The course aims to explore dance and movement-based performances as mediums through which identities in Asian-American (including South Asian) diasporas are cultivated, expressed, and contested. We will examine theories related to nationalism, post-colonialism and diasporic identity-formation, and learn about the socio-historical contexts in which performances are used to maintain cultural continuity. We will explore how diasporic artists use performances to enforce or resist traditional practices and ideologies. Throughout the course, we will investigate issues of race, gender, sexuality, ethnicity, nationality, tradition/innovation, agency/resistance, and borrowing/appropriation among other topics. This is primarily a discussion-based seminar course but will also include attendance at live performances in the area, film screenings, and discussion and workshops with guest artists. No previous dance experience required.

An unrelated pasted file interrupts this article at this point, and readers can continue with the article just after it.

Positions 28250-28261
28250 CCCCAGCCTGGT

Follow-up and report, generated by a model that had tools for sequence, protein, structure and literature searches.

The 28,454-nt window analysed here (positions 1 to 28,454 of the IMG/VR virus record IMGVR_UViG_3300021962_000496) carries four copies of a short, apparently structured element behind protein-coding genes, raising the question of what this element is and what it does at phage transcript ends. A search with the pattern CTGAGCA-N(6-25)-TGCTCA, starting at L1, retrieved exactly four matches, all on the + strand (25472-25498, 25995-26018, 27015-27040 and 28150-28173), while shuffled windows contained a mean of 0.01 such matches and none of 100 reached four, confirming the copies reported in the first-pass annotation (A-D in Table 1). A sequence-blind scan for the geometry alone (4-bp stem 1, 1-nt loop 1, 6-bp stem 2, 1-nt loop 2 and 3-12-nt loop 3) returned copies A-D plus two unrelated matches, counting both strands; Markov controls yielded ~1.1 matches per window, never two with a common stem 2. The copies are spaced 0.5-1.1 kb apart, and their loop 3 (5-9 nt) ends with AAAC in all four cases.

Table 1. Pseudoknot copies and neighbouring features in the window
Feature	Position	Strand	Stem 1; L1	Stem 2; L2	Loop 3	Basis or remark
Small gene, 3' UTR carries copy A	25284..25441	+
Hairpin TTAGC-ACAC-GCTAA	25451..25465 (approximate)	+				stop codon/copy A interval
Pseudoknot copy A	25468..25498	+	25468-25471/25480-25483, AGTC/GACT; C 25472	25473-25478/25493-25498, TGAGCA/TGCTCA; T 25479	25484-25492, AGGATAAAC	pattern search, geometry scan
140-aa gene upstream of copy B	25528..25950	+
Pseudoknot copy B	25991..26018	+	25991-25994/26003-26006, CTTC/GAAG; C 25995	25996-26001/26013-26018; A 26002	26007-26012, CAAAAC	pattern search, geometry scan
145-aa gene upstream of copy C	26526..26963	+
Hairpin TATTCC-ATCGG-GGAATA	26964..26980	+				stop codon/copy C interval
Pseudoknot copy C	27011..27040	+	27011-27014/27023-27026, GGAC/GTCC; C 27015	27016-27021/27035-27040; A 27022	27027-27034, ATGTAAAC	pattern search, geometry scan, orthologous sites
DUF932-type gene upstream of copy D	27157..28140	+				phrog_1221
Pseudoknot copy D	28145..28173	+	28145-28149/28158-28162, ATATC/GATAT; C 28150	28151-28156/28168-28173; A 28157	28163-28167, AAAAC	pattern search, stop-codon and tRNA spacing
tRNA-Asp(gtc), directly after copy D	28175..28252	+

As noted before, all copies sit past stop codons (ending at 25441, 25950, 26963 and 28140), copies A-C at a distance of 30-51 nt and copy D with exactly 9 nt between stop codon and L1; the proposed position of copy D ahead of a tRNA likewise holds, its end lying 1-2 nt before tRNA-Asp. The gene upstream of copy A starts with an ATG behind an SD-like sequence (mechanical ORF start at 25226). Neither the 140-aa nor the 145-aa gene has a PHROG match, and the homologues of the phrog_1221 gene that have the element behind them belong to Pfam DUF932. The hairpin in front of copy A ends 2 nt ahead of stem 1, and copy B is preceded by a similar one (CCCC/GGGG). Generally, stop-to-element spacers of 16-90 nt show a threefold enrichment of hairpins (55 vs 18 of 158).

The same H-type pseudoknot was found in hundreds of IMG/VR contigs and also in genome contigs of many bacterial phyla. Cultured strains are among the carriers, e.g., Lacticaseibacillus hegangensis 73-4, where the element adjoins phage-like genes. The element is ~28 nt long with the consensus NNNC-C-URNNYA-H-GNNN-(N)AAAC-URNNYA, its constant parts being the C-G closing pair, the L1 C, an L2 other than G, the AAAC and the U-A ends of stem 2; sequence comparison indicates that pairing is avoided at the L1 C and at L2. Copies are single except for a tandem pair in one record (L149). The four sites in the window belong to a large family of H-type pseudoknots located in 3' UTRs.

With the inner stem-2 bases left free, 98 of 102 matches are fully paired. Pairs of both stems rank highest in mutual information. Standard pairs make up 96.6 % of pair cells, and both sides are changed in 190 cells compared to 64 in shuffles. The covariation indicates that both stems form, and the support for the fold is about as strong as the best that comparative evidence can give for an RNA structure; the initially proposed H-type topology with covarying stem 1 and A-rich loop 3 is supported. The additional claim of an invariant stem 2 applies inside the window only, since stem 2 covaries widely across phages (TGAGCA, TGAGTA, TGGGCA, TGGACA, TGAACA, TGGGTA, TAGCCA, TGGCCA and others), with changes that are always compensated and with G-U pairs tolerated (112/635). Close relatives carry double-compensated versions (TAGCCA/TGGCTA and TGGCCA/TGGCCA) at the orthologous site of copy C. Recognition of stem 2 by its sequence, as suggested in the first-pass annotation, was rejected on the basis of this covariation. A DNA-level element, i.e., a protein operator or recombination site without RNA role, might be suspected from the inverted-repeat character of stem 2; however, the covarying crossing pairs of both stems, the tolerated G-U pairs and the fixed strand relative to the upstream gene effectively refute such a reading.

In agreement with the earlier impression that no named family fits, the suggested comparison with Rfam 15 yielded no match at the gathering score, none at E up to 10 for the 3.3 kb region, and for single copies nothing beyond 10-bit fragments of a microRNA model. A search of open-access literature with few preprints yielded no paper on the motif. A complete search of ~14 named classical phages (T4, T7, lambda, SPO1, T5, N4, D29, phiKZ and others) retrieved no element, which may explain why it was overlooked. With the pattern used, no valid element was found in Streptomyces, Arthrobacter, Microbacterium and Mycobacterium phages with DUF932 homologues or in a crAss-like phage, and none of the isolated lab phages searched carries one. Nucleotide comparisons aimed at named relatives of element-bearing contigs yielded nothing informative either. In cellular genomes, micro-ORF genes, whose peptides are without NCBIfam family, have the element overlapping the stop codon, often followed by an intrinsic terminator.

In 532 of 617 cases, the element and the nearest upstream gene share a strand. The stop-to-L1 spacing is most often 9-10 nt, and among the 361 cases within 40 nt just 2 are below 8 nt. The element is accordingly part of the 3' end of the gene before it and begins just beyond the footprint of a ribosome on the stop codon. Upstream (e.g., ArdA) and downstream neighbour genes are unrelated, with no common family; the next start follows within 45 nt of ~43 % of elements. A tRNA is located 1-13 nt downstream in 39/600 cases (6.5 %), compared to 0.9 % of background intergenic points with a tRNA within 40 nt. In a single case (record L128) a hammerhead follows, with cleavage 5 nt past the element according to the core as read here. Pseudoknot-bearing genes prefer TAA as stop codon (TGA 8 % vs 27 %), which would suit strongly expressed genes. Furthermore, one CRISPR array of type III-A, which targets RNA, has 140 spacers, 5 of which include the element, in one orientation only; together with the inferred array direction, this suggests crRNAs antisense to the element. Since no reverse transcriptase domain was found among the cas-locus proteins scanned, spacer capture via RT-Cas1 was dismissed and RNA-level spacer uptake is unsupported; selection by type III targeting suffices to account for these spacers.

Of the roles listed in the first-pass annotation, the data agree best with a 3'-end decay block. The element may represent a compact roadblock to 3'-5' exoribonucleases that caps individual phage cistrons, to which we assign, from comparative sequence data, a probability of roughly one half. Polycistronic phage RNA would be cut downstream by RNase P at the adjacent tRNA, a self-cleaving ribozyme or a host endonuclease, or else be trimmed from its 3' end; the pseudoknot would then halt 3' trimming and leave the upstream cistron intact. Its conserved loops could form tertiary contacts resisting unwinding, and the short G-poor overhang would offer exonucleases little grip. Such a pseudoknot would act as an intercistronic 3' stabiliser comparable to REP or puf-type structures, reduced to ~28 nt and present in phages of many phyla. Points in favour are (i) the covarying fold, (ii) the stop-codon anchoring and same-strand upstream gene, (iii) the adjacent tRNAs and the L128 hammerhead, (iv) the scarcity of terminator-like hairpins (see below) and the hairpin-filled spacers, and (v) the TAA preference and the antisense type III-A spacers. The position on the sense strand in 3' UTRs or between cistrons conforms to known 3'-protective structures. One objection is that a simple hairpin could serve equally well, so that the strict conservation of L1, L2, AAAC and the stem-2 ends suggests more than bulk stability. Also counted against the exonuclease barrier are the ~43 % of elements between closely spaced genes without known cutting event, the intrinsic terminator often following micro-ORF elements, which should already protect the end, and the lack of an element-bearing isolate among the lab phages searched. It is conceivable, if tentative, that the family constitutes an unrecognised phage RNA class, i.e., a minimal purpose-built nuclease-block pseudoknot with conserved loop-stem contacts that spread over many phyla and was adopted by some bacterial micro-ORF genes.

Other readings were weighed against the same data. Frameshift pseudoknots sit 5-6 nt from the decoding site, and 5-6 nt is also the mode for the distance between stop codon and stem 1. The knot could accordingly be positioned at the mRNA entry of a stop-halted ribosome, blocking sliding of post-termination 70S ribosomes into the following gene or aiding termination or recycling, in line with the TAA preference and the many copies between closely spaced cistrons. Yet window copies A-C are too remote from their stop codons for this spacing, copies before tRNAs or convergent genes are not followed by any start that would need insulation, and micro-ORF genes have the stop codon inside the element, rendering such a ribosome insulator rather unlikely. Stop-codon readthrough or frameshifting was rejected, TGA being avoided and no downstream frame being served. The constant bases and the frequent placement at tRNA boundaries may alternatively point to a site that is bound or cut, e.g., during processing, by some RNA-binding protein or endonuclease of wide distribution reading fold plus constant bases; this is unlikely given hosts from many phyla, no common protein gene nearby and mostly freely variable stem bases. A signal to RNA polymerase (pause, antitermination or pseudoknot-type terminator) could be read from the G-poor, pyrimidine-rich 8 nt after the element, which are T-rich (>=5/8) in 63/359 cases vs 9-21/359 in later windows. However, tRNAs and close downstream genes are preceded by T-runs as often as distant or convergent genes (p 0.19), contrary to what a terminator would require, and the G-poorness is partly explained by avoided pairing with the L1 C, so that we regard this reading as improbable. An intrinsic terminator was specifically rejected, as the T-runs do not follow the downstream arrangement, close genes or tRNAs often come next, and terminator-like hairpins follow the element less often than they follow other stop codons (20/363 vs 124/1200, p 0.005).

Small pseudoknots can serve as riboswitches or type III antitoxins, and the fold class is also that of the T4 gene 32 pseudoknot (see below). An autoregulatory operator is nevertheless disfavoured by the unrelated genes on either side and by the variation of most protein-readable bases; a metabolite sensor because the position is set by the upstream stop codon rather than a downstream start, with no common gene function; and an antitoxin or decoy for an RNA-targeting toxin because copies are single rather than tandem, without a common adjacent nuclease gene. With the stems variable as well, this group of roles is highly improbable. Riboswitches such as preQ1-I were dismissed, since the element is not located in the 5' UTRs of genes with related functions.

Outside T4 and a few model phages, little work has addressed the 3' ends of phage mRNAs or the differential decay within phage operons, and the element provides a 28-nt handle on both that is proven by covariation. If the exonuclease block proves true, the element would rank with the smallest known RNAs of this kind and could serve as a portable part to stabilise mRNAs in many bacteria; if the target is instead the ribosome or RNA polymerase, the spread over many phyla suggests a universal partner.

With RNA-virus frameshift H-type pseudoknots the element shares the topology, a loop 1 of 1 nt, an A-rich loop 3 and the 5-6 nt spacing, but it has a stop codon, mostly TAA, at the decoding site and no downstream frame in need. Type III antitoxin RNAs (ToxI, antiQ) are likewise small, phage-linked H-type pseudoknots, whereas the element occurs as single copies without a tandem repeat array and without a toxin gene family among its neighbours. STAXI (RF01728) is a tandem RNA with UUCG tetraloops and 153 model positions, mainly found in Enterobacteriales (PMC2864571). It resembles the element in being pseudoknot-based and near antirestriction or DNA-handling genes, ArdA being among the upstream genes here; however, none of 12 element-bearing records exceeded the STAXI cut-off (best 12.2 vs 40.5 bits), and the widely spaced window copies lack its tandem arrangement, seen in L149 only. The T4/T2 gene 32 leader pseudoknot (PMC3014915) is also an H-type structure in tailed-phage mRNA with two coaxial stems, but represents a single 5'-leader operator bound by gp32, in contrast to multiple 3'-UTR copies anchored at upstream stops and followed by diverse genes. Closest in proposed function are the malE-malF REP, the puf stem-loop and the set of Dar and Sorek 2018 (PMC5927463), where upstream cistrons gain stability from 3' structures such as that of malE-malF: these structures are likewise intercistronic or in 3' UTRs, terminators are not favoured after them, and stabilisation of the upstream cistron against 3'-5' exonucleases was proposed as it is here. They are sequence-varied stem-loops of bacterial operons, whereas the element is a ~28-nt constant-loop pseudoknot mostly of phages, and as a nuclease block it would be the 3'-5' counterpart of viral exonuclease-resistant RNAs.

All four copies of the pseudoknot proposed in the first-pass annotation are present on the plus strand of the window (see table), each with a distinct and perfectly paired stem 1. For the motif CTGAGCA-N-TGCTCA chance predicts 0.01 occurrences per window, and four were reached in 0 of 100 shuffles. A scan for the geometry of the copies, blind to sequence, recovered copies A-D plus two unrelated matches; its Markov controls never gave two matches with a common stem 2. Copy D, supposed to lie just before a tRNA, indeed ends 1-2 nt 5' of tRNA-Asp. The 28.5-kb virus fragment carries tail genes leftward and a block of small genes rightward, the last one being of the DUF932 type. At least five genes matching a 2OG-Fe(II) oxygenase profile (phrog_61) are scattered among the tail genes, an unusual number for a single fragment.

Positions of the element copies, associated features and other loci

Grading: no pass/fail option,
no fifth course option
reading responses and essays, class participation, and presentations
Difference, Power, and Equity
This course is cross-listed and the prefixes carry the following divisional credit:
This course introduces students to the history of Asian-Americans through an analysis of performances by diasporic artists. Student will explore how race was central to the formation of the American nation, and how social and legal discriminatory practices against people of color influenced US popular culture. The assigned course material provide examples of how diasporic artists address these differences in power relations, hold systems of inequality accountable, and claim agency.